Giving Honour is a matter of the heart. Honour is something that comes out from the inside of us. It is not an external ritual but a heart commitment. Yet it will also be a visible process, since it will lead to external expressions of what the heart feels.

It is appropriate, we would all agree, that honour should be given to a ruler. In my childhood it was the practice at every picture theatre (movie house – or whatever they may be called in your culture) to play the Australian national anthem at the commencement of every movie screening. Music would fill the theatre and images of the Australian flag would brighten the room. We would all stand to our feet as an act of giving honour to our country and our monarch. Images of a youthful Queen Elizabeth II, sitting side-saddle on a decorated horse, would fill the screen. We were giving honour to our Queen.

This external act was supposed to be an expression of our heart attitude of giving honour. Similarly army personnel salute a superior officer. A judge is addressed as “your honour”. A police officer is addressed as “sir”. These external expressions reveal that we hold them or their position in honour.

Sadly western culture has slaughtered honour on the altar of individualism and hedonism. But I’ll wax lyrical about that in a later post. Let me take time here to reveal what giving honour might look like in a home.

A man enters his home after work and is confronted with a cacophony of rowdy sounds. A child confronts him and berates him for not being home sooner, since they needed some of his money to buy something they wanted. Another child demands to know where the father has placed something they have been looking for, since they are sure he had it last. On the bench is a note from his wife, advising that he will have to fend for himself, since she decided to go shopping with some friends and would eat out.

What are the evidences of honour in that scenario? Do we see anyone giving honour?

Since the Bible commands us to give honour, what would a home look like where honour was embraced at a heart level? Maybe it would look like this…

A father arrives home from work to be greeted by his attentive and quiet children who take care of his bag and coat. The children remain quiet, so as not to disturb their father. Refreshments have been prepared the way dad likes them, to soothe him. A report is given to him of all matters that he should be apprised of, since he is the one who is responsible for all the members of the household. Several children respectfully give him their report on their day, so they can share with their dad, but also to be sure that he knows things which he might not otherwise find out about.

When the dinner is ready there is a special seat at the head of the table for dad. He is served first and the children are respectfully quiet, taking their lead from the dad’s questions and directions.

Now, without going any further, does that not strike you as a stark contrast to the first scenario? And aren’t you just a little bit inclined to think of the second scenario as being a bit too ‘old fashioned’?

It’s interesting that we relegate giving honour to some past era. It is now out of fashion. It is almost absurd. So let me take my illustration a little further.

The wife is asked by a friend to head off for a fun shopping trip with some surprise visitors. The wife thanks her friend for the invitation but explains that her husband will be home in an hour and she has several things to prepare. The friend suggests that the wife do just as the friend is doing, “Make hubby fend for himself for a change”. The wife declines, explaining that it would be wrong to set that example for her children.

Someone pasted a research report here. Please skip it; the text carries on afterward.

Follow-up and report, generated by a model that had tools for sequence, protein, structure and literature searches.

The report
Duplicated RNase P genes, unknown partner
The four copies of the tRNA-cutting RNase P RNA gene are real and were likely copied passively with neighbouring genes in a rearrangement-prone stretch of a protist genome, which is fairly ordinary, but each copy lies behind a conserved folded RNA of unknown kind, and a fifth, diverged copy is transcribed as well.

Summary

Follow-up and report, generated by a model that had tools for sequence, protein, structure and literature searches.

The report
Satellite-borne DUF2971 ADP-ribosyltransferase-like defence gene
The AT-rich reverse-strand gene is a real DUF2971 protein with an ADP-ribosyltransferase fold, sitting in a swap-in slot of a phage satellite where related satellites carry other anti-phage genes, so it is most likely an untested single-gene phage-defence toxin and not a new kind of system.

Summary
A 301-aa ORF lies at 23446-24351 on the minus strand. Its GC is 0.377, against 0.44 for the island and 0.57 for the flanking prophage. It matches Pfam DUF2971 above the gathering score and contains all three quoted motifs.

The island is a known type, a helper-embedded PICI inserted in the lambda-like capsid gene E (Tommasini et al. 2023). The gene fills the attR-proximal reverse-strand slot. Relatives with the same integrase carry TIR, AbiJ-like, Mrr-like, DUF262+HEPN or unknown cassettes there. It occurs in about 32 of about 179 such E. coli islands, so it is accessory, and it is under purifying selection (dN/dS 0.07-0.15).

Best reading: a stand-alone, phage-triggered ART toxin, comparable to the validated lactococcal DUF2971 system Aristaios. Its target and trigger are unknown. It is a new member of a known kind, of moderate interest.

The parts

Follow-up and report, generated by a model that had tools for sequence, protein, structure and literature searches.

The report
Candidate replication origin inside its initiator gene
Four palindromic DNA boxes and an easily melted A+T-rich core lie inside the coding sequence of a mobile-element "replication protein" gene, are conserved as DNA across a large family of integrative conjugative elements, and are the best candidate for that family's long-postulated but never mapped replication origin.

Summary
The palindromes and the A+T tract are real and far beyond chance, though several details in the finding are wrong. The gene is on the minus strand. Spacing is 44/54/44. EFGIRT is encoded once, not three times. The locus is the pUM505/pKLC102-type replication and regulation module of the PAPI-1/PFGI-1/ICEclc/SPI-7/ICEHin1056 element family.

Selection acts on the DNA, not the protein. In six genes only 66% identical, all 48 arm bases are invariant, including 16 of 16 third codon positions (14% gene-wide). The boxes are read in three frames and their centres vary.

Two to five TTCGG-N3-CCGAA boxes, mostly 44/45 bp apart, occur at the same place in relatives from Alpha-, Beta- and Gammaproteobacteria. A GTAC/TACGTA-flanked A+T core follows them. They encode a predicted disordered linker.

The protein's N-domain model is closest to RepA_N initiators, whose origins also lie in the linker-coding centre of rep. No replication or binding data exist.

The friend reacts to this. “For crying out loud, you aren’t still thinking you owe your husband something, are you? You know what men are like! They need to be put in their place every so often. If I gave my husband special treatment he’d be likely to expect it all the time.”

The wife explains that she promised God to give honour to her husband, since the husband is God’s gift to her. She explains that she also promised to train her children to give honour to their dad, and so she must be the first to give a positive example. She further explains that her husband is only an ordinary man, and he has no special qualities that earn him such honour. It is simply that God requires it of her and that it is her special gift to her husband.

That’s why I mentioned the visible process in the title of this article. Giving Honour is a Visible Process. If you have honour in your heart it will be seen in your actions.

I did not know how to give honour to my dad, because I grew up in a culture that was throwing off the old fashioned ideas of honour and other Victorian values. It was somehow noble to be arrogant. It was part of the evolutionary advancement of our society to be big enough to move beyond those childish rules and regulations of a simpler and less developed age. Wow! What arrogance and deception was being foisted on us.

Giving Honour is now finally filtering through to me. Maybe you’ve understood it all your life. Next time I’ll share about how the person and the position impact the whole honouring process.
(Honour is the English spelling, while Honor is the American spelling. So this article could just as well have been called “Giving Honor Is a Visible Process” and I could have said, “Honor your father and mother”. Please excuse my default to the spelling of my schooling. The American form may be simpler, but it just looks ‘wrong’ when I write it. I pray my American friends can tolerate the fact that I actually enjoy being who I am, and that I decline the offer of American simplifications.)